It was the gaps that finished off Mubarak
The saddest man in the downfall of the Egyptian president is Benjamin Netanyahu, as Mubarak was the last regional leader who was still prepared to meet with him.
Until two weeks ago, Egypt was an impressive economic success story. It was considered an awakening economy which had a high growth rate for an entire decade. Hosni Mubarak himself was praised for the reforms he introduced, the process of privatization and his fight against the bureaucracy. Officials of the International Monetary Fund would speak enthusiastically about the impressive growth of foreign investments in Egypt and the regime’s festive slogan “Egypt is open for business.”
But then the protests began and suddenly the economists became aware that they had missed the point, and by a large margin. Suddenly the good economic situation turned bad and Mubarak, the reformer, became a cruel dictator. The rating agencies hastened to lower the country’s credit rating and the United States president, Barack Obama, who not so long ago had embraced Mubarak with the deepest friendship, began to hint that it would be best if he vacates his seat immediately.
That is how Egypt became the sick child of the Third World overnight, the symbol of poverty and a country which suffers from enormous gaps in income between a narrow rich elite and the masses who exist on $2 a day. It is not by chance that the uprising is being dubbed “the intifada of the hungry.”
The economists immediately reached the realization that Egypt does not have a middle class, and that even someone who manages to get an academic degree (one million graduates per year) does not find work other than in cleaning and peddling goods. This is the time to mention that the uprising in Tunisia − which set the ball rolling for the protests in the other Arab states − started when a frustrated university graduate, aged 26, immolated himself because the police had confiscated his vegetable stand.
Egypt’s Gross Domestic Product stands at $220 billion, exactly the same as Israel’s. But Egypt has some 80 million citizens while in Israel there are a mere 7.5 million. That is why the standard of living in Egypt is approximately 10 percent of that in Israel. And if one adds to this the enormous gaps between the rich and poor, it is possible to understand where the frustration and anger stem from.
Egypt finished 2010 with a high inflation rate of 13 percent, while the price of food went up by some 20 percent and real unemployment reached 25 percent. In a country where 40 percent of the average income goes toward food (in Israel it is 17 percent), that is a central reason for the fury of the masses who are not able to earn a living. In addition, Egypt suffers from a corrupt regime, a lack of freedom of expression, security forces that arrest people on an arbitrary basis and rigged elections. How is it possible otherwise to get a 97 percent majority over a 30-year period?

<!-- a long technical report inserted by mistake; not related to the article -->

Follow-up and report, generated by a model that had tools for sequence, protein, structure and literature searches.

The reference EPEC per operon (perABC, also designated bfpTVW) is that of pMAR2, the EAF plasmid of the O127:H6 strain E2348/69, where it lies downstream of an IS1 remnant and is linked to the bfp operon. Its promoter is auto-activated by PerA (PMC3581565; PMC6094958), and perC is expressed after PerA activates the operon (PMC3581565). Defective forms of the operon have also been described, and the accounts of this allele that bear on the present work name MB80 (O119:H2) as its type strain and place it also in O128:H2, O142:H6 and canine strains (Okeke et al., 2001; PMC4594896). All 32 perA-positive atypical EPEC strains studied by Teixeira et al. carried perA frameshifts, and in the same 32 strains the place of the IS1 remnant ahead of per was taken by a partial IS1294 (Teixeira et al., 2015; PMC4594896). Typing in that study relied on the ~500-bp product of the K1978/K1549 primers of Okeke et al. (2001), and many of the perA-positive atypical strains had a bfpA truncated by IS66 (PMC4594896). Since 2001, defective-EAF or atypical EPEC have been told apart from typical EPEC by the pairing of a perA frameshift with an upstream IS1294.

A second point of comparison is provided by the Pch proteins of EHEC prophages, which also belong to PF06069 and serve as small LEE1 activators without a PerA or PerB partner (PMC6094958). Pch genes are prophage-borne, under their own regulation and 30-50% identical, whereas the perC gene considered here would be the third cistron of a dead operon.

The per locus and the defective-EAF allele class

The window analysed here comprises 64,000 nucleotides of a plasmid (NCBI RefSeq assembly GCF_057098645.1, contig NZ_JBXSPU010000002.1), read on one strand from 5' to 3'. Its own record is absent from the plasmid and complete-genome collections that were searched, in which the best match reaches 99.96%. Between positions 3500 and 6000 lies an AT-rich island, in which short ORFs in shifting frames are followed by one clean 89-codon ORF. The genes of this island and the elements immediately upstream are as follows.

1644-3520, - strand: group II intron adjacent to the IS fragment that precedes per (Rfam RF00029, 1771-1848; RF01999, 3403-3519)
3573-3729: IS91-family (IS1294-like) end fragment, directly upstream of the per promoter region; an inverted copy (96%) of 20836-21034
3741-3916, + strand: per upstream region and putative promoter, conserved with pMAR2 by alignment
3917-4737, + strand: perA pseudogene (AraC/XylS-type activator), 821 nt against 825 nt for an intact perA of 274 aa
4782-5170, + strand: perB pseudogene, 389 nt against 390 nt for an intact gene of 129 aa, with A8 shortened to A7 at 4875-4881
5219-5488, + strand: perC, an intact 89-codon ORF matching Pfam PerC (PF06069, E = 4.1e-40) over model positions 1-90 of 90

The revolutions in Arab countries are always accompanied by a bad script. They start with prolonged poverty and a sharp rise in food prices. As a result, the masses take to the streets, the regime sends in the army to suppress the protests and if it succeeds, the revolution is postponed for a few years.
If the army does not succeed, it joins the masses and the dictator falls. Thereafter, “free elections” are held, the results of which do not correspond with the naive dreams about democracy of Obama and Angela Merkel, when well organized groups gain control of the regime. This is how extremist Islam rose to power in Iran, Hamas took over the Gaza Strip and Hezbollah gained control in Lebanon. The danger in Egypt lies in the possibility that the Muslim Brotherhood will gain control − which is the worst case scenario for the citizens of Egypt, for Israel, and for the entire world.
This frightening scenario, and the fear of the domino effect that could reach as far as the Saudi royal house, is what caused the price of oil to skyrocket. In Israel it found expression in a devaluation of the shekel since Israel’s risk premium rose from both the economic and the strategic points of view.
The saddest man in this story is Benjamin Netanyahu. Mubarak was the last regional leader who was still prepared to meet with him. Mubarak was also the only one who defended the peace with Israel with his own body in the face of strong internal opposition. The Turkish prime minister, Recep Tayyip Erdogan, does not want any connection with Netanyahu; the Jordanian monarch, Abdullah, is not prepared to speak to him; and the Syrian president, Bashar Assad, considers the struggle with Israel a strategic asset.
Now Netanyahu understands just how critical the peace with Egypt is for Israel. But now it is too late. Mubarak is already history.
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